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Originally Posted by Mist-Rest View Post
I have a SP 200 Lincoln wire feed that can also stick. It's a very large and heavy machine. Great machine that will stitch, spot, time weld, thin, thick, you name it, it will do it. You're not going to move it without a machine to load it into the truck.

Get a small suitcase welder that you can carry.
My vote
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Old 12-16-2011, 05:43 PM
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Flux core wire use reverse polarity. Switch the wire inside the cabinet for gas shielded welding solid wire. Use 75/25 carbon dioxide.
110v Mig welding is for clean metal only not anything of high importance for strength.
A cheap stick welder will do dirty metal a good penetration easy.
7018 3/32 is a nice rod to burn but could be difficult to beginners to go uphill.
Buy your machine from a local weld shop they will show you the basics free on your new machine.
If you were local to me you could sit in my weekly class I have at the shop
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Old 12-16-2011, 11:18 PM
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115V welders have a short duty cycle, which causes a lot of starting and stopping. See if your local community college has a spring welding class coming up. Good way to pass some cold evenings.
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Old 12-17-2011, 01:13 AM
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I was once a certified welder and used a lot of different types of mig and stick machines. Some of the technology has left me behind but the concept is the same. A lot of good advice above. Wire welding seems cool and easy to a lot of beginners. It takes an experienced eye to know if you are penetrating or just laying a pretty surface weld. Some believe that mig is not as strong as stick for this same reason but that is not true.

I own one of the first 110v mig machines (20years old) and it will weld clean sheet metal and that is it. Pretty decent for muffler work. If I were looking for one for home use, I might consider one of the Lincoln's from Lowes and one of the larger ones that require 240v supply.

A small stick welder one that is AC/DC would be the most versatile for welding thicker metals. Start out with 6010, 6011 and 6013 rods, 3/32 and 1/8" for general use and easy to strike an arc. 7018 is the industry standard low hydrogen rod.
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Old 12-17-2011, 02:26 AM
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Originally Posted by polarred21 View Post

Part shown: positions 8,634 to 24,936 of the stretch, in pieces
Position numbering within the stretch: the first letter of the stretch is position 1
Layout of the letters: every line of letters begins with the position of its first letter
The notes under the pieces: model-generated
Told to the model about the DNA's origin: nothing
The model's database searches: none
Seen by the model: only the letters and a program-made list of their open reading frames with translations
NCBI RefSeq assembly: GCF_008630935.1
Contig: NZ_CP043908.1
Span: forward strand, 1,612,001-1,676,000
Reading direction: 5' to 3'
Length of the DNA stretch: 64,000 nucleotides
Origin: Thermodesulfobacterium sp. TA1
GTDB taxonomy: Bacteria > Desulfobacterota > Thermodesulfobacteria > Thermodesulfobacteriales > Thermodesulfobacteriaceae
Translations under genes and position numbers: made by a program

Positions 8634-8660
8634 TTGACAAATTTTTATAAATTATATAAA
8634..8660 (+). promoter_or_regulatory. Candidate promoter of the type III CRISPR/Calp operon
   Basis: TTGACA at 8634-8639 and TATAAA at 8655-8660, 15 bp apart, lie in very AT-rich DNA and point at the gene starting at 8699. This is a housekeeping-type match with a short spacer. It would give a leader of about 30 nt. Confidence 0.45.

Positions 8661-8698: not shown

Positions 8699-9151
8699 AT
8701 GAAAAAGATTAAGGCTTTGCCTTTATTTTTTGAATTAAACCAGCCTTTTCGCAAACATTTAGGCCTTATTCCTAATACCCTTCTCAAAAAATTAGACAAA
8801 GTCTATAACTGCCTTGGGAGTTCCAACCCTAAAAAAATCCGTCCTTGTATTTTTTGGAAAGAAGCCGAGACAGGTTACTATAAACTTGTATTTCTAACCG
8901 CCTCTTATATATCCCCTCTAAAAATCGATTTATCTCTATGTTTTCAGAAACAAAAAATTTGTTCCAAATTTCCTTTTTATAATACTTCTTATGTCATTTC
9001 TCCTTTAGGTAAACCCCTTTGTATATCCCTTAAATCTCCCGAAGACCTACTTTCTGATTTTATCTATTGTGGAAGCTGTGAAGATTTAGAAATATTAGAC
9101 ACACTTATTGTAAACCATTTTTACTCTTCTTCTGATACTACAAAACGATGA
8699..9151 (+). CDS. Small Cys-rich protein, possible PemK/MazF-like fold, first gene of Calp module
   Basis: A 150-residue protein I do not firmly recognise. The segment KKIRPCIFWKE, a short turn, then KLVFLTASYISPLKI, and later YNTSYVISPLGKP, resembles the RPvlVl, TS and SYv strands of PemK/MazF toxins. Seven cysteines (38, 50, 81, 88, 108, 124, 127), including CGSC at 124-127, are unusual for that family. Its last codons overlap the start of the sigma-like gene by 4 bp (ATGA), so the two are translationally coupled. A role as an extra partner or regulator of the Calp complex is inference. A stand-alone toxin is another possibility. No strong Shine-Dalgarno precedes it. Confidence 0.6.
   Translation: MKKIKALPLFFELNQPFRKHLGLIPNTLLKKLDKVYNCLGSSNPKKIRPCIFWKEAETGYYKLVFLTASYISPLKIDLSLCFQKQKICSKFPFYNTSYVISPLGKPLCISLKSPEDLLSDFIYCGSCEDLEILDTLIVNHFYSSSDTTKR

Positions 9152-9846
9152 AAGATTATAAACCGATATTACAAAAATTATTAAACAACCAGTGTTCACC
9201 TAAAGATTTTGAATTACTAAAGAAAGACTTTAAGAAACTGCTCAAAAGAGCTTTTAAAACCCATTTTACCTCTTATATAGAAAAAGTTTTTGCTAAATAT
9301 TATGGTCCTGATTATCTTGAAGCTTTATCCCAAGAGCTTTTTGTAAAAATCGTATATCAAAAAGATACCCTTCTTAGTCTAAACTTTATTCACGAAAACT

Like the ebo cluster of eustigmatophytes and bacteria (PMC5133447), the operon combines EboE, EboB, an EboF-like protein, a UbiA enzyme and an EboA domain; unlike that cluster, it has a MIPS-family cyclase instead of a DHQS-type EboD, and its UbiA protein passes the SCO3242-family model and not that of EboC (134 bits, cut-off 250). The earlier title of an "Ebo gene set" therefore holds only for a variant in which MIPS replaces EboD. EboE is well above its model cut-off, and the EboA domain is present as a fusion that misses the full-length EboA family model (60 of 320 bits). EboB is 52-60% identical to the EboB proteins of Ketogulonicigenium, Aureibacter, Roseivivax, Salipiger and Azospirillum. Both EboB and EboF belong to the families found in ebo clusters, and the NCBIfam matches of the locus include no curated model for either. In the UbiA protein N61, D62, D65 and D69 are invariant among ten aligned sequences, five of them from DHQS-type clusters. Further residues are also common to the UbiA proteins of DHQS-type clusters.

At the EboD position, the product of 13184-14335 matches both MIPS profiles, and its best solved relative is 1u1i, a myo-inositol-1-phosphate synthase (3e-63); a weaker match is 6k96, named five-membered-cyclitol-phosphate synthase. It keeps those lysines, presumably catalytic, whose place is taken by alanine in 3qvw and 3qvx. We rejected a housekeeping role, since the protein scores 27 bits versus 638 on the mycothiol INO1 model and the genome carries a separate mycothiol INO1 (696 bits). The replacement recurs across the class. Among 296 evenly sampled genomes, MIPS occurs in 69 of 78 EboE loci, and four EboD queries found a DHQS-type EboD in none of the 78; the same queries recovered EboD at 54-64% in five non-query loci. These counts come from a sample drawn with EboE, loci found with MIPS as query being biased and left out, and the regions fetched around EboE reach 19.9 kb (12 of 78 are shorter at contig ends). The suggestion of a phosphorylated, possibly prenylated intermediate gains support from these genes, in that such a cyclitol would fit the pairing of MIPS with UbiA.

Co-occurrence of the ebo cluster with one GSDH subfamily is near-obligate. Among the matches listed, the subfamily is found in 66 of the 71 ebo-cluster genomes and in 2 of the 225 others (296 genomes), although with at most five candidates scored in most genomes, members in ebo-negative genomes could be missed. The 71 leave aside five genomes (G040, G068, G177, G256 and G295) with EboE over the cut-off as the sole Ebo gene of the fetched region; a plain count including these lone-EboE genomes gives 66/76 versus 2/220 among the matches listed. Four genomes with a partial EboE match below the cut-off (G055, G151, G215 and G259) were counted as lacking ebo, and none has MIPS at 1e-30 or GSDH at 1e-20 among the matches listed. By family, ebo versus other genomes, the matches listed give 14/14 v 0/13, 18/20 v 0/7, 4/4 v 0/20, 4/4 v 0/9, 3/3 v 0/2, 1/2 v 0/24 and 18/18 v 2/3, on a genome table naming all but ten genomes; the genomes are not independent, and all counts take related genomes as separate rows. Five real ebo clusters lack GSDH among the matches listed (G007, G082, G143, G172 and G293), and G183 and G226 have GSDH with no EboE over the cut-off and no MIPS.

A small stick welder one that is AC/DC would be the most versatile for welding thicker metals. Start out with 6010, 6011 and 6013 rods, 3/32 and 1/8" for general use and easy to strike an arc. 7018 is the industry standard low hydrogen rod.
Completely forgot that some of the smaller ones don't have dc. Go to your nearest welding supply shop and ask for a fast freeze rod and lh. They even make aluminum rods now no idea on the quality of the weld but my dads john boat does.

I'm a certified welder also what'd you do with your certifications?
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Old 12-17-2011, 07:36 AM
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gameon - not sure where you are loacted, but go to www.airgas.com and click on the "find a store" link. I am sure there is one very close to you. All of there inside sales force are very good at answering questions plue they will have everything you need. All of the replies posted are very good and it sounds like they have a lot of knowledge. I persoanlly have been welding or affiliated with welding in some shape, form or fashion for the past 26 years. You cannot go wrong with Lincoln or Miller (Hobart) is manufactured in the same plants as Miller in Appelton, WI. Either one of these manufactures will give you many years of service and not to mention, much enjoyment. If you only have ot work on a trailer, I would like to suggest either the MIG or Stick Welder. As a beginner, you will do a much better learning to weld with a MIG Welder since all you basically need to do is pull the trigger and "pay attention". With Stick Welding or GMAW, there is alot of skill involved such as "angle, arc distance, rod type, etc..... Not sure what size of trailer you are working on, but you would not need anything larger than a Miller Maxstar 150 - this machine will operate on either 120V or 220V - this machine will only allow you to Stick but it will last you a LIFETIME!!!!! If you would like to see the specs on this machine - go to www.millerwelds.com and click on the products tab.... If you want a MIG Welder, take a look at the Miller 140 Auto Set - it has everything you will need - Regulator, Powersource, Hoses and it comes with a 1# spool of wire and an instructional DVD to help you get started.

Please note - I am no way affiliated with Miller - just one that has 20 years of experience with their products.

Good Luck

Good luck and if I can help you more, send me a PM and i will give you my cell number...